trade? Should future generations be left to deal with the potential
When the Indian yards were being investigated, one local resident
asked journalist, William Langewiesche:
“The question I want to ask the environmentalists is if you should
want to die first of starvation or pollution.”
It is a transparently inadequate binary, but one that is used to
stymie reform conversations. New theoretical frameworks and practical
solutions must be developed through debates on development, free
markets and globalization. LDCs desperately need new industries, but
the model of development at any price will render them vulnerable to
public health crises and labor disasters. Cleaning up dirty
industries must start at the source, with the shipping companies and
countries of origin. Having these ships arrive free of toxic
ingredients would be an important first step. In the shipbreaking
nations, unionization and safety standards have been resisted in the
name of “staying competitive.” NGOs and activist groups in Bangladesh
need to push for reforms that will create sustainable development.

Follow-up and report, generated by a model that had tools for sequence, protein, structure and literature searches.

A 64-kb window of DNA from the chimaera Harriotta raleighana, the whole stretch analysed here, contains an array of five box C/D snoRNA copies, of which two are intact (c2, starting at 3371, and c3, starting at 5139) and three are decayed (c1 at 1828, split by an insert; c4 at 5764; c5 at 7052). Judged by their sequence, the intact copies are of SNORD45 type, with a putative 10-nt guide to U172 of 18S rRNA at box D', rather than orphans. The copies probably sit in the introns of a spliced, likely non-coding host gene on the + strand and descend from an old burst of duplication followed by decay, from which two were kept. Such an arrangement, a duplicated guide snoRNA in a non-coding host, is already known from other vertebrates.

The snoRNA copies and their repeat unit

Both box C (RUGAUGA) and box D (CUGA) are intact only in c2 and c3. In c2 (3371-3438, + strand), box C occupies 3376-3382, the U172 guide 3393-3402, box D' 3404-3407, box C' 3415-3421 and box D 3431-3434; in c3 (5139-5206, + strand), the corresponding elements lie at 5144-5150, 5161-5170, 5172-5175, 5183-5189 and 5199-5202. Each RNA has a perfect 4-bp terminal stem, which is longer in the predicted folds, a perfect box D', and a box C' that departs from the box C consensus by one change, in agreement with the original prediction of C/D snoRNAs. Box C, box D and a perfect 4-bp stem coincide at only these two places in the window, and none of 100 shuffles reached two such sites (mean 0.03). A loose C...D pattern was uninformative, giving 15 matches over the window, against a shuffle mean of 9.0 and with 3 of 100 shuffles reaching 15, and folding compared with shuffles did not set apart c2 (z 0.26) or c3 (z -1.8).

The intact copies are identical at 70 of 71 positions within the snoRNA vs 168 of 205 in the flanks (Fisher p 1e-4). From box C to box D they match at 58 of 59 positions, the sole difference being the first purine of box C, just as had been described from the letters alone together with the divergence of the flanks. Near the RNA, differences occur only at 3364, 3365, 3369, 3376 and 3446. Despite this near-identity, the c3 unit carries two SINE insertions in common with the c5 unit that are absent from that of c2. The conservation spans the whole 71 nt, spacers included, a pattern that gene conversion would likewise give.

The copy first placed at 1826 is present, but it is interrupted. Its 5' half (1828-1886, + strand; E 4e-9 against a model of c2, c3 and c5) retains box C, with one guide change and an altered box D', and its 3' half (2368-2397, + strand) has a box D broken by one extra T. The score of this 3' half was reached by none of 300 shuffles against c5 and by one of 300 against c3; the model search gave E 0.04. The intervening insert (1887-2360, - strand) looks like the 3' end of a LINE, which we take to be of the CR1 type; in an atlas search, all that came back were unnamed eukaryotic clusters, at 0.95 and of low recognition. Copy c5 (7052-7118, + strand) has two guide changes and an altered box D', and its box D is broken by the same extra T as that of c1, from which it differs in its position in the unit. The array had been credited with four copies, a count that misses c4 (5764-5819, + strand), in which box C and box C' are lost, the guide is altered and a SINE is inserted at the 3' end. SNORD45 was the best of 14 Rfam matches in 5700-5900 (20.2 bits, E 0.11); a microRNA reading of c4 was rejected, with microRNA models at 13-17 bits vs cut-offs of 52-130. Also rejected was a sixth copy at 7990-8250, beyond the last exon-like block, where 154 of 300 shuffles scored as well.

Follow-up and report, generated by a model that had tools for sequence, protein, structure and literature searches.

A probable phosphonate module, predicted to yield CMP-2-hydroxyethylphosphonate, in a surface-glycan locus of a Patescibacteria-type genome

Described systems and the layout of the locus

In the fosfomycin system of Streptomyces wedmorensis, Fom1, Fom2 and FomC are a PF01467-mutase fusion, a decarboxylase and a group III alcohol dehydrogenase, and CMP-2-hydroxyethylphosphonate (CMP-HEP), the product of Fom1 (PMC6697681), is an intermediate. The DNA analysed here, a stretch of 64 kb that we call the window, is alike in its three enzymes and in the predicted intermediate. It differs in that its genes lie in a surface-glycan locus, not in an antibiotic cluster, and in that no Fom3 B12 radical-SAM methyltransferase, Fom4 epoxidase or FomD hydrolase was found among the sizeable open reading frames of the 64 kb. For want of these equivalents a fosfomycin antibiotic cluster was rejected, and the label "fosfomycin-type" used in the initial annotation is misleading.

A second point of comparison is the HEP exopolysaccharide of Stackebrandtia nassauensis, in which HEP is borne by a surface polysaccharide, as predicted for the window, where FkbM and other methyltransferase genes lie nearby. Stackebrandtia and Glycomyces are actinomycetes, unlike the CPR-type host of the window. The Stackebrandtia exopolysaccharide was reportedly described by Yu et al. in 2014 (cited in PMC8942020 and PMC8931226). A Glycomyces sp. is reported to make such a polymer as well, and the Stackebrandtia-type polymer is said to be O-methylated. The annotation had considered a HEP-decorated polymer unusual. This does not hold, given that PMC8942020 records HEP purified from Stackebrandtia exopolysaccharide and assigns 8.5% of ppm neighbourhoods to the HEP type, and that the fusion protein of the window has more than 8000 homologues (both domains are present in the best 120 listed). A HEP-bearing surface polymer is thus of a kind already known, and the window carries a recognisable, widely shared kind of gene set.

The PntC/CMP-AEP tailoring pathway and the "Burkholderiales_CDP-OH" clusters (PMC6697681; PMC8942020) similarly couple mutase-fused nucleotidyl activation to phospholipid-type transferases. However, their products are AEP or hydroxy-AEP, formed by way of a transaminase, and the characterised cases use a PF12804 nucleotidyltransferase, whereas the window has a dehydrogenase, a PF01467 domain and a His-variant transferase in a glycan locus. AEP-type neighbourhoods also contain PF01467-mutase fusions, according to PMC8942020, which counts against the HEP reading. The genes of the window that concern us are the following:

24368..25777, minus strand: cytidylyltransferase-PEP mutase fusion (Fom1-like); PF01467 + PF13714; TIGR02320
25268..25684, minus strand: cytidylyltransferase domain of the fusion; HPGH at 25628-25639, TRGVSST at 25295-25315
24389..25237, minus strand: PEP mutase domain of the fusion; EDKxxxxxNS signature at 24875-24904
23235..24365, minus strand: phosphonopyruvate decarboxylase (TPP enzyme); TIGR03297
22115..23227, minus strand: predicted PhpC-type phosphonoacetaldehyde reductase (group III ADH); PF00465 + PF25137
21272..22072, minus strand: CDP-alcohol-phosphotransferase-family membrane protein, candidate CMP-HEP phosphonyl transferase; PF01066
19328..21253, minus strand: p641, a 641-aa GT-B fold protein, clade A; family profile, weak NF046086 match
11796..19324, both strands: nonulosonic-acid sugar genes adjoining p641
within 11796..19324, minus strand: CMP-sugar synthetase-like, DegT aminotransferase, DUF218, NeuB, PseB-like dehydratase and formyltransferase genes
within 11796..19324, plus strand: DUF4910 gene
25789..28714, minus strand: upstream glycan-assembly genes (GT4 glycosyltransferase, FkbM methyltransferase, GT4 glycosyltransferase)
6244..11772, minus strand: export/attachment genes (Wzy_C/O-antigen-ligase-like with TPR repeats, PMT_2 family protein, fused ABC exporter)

The challenge is to keep competitive industries like shipbreaking in
Bangladesh, while making them truly “100% green.”
Buerk, Roland, Breaking Ships: How Supertankers and Cargo Ships are
Dismantled on the Beaches of Bangladesh, Penguin Books, 2006.
CBC News, The Big Break, February 2005.
Corr, Brendan, “End of the Line,” Foreign Policy, January 2006.
Daily Star, January-May, 2006.
Det Norske Veritas, Decommissioning of Ships, Report 2000-3158, May 2000.
FIDH Report, “Where do the ‘floating dustbins’ end up?” December 2002.
Gohre, Sanja, “From shipyard to graveyard: Is there a decent way to
break ships?” World Of Work, December 2000.
Langewiesche, William, “The Shipbreakers,” Atlantic Monthly, August 2000.
Miller, Hon. George, Statement to the House Committee on Resources,
March 5, 1998.
Salgado, Sebastião, Workers: An Archaeology of the Industrial Age,
Phaidon, 1997.